Erotic? Without question, the paintings of Victoria artist Elsbeth Coop are charged with a Pre-Raphaelite sensuality and passion. Beautiful? Absolutely luscious. Rodgers creates an overall impression of light and transparency with layers of paint as thin as the skin of her models with their trailing veils, folds of fabric and fluid fallen hair. But simultaneously, as critic Michael Scott put it, there is "an uneasy marriage of the beautiful and the ghastly". Twisted and manipulated into unnatural poses, naked female figures are alternately scrunched, pressed, flung or enveloped by hard spaces. They are the discarded corpses of a murderer or anatomist. In her new work, antique hand tools and medical instruments surround them on the grounds where they lie; they can be painful to look at. But increasingly, with a prolonged gaze, viewers may be able to transcend more obvious implications in the works to find a sense of inner harmony. The figures, still vulnerable and exposed to penetrating inspection, begin to appear more relaxed, to evidence glimmers of determination and will. They move from nudes in jeopardy to metaphors more human and familiar.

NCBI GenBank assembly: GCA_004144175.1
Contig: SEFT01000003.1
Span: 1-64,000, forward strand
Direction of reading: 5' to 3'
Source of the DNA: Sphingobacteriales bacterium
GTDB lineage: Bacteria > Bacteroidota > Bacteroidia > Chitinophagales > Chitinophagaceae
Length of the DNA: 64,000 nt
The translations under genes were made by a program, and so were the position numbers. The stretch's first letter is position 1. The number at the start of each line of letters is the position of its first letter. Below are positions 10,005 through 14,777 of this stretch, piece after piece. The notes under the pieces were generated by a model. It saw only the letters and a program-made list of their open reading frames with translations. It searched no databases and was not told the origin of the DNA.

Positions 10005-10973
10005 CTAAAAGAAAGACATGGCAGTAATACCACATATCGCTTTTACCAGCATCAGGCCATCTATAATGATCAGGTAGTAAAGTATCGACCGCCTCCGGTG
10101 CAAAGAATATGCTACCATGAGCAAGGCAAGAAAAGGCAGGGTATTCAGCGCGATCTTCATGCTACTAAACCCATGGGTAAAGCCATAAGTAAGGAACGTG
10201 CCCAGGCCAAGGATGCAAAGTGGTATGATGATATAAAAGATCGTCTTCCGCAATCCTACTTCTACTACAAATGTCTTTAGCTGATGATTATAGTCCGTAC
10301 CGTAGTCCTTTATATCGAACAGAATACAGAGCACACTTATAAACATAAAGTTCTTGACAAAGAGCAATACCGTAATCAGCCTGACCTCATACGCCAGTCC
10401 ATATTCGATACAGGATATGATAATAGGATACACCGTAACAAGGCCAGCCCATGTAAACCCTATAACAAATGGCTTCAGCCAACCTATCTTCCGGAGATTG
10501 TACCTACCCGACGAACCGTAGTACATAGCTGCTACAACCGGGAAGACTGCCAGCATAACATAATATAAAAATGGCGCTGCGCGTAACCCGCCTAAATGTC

© Mia Johnson